In previous post (typical process flow diagram of small scale LNG regasification facility), I explained that LNG storage tank played important part in the facility. It is used to stored LNG for certain duration (usually in term of round trip). In small scale LNG regasification facilities, vacuum insulated tank is usually used because the capacity if small. But when the capacity is high, LNG flat bottom tank is used.
In this post I want to share you difference and comparison between LNG flat bottom tank and vacuum insulated tank and give some advice what to choose.
Table below shows comparison of flat bottom storage tank and vacuum insulated tank.
We can see that each tank has its own pros and cons. Flat bottom is preferable when required tank volume is high and space are relatively large. On the other hand, vacuum insulated tank is preferable when volume is low. In one source, for storage with quantity of less than 250 m3, vacuum insulated tanks are the best option. But for volume larger than 50000 m3, flat bottom tank are the best option. But, how in between?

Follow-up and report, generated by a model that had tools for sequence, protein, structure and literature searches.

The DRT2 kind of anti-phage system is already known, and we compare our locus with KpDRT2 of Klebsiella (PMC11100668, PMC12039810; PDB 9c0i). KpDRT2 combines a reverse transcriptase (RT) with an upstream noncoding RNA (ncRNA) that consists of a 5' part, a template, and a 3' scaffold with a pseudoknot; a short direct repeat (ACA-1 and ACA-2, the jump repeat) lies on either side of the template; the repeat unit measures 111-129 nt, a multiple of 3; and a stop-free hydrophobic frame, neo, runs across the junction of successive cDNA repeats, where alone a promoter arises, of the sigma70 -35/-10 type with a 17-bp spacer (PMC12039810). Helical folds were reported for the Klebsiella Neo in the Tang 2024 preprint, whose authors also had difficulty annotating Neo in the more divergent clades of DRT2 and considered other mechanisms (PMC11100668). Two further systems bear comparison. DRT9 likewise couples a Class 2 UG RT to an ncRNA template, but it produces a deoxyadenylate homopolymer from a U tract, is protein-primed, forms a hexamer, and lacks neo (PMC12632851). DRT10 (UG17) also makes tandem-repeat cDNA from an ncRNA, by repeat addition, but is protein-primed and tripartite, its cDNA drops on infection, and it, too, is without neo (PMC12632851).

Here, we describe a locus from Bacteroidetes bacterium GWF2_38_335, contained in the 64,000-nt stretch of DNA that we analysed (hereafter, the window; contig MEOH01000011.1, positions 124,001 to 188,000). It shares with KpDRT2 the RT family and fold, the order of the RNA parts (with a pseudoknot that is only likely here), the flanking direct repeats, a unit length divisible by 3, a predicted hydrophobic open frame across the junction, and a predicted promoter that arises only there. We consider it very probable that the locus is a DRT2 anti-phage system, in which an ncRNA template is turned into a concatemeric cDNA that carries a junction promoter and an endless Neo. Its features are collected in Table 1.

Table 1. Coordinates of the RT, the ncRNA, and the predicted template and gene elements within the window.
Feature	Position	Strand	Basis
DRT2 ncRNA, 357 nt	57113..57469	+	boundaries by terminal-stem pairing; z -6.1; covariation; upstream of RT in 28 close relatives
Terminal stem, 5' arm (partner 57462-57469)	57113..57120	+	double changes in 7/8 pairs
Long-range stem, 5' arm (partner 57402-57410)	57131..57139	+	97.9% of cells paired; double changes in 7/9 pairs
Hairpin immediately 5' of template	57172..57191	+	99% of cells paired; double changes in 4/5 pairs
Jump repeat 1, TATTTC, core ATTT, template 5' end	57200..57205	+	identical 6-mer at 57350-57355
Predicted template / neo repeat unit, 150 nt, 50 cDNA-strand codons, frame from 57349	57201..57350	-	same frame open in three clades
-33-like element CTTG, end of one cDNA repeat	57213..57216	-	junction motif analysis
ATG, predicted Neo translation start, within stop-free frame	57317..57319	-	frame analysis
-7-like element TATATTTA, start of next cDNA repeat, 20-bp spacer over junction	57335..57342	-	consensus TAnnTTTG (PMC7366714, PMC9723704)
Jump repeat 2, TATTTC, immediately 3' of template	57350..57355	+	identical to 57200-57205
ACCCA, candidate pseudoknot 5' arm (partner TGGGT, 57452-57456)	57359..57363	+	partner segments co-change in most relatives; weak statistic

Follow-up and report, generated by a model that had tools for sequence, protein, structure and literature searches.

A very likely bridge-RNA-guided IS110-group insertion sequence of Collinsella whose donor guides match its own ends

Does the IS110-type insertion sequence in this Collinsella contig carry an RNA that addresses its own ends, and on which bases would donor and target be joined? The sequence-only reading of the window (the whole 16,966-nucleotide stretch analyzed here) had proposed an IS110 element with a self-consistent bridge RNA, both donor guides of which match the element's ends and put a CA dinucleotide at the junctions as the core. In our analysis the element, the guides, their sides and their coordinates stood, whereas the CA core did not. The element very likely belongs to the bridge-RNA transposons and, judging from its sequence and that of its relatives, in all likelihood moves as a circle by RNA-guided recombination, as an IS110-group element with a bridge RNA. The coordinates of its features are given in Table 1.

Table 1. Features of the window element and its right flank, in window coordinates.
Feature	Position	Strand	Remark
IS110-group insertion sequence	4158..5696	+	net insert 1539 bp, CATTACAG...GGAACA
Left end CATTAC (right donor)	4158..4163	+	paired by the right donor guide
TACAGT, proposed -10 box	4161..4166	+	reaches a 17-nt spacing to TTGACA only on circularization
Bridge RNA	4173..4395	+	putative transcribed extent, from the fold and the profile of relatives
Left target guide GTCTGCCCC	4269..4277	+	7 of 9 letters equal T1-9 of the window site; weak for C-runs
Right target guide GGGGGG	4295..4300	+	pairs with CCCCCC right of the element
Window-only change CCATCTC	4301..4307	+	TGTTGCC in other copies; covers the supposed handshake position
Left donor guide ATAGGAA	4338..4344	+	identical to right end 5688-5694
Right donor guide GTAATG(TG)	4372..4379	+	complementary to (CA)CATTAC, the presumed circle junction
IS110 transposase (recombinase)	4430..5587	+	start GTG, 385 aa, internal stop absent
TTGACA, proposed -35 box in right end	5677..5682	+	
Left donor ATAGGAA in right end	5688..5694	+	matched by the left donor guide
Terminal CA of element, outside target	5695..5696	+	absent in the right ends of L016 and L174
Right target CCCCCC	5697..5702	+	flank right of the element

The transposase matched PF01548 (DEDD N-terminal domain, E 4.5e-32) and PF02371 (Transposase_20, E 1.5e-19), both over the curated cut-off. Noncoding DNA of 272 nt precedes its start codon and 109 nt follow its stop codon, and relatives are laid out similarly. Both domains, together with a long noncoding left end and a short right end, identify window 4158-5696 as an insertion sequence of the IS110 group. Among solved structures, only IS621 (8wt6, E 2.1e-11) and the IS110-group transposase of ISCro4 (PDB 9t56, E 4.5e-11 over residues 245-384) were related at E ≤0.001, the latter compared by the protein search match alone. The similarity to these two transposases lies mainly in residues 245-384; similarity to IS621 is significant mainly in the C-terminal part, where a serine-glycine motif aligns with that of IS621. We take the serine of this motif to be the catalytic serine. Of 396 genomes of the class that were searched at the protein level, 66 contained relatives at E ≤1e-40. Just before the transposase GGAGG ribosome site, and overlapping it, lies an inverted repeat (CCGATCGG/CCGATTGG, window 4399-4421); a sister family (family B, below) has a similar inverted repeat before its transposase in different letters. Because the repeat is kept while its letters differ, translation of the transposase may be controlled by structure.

Figure below shows economic comparison of vacuum insulated tank and flat bottom tank.
- When capacity is lower than 4500 m3, vacuum insulated tanks is recommended (use multiple tanks)
- When capacity is between 4500 m3 and about 20 000 m3, we can use vacuum insulated or flat bottom. Further economic evaluation on piping system, valve, instrumentation, boil-off gas handling, and required space must be done
- When capacity is larger than 20 000 m3, it is recommended to use flat bottom tank
When we choose several vacuum insulated tank
When we choose vacuum insulated tank for relatively large volume of LNG, for example 5000 m3, we need to evaluate overall cost roughly to see which one is the best configuration (500 m3 x 10 unit, 600 m3 x 4 unit, or other combination). We need to consider:
- Piping cost
- Instrumentation cost
- Valve cost
- Tank cost
- Required area
The evaluation will give us better justification of which combination is the cheapest.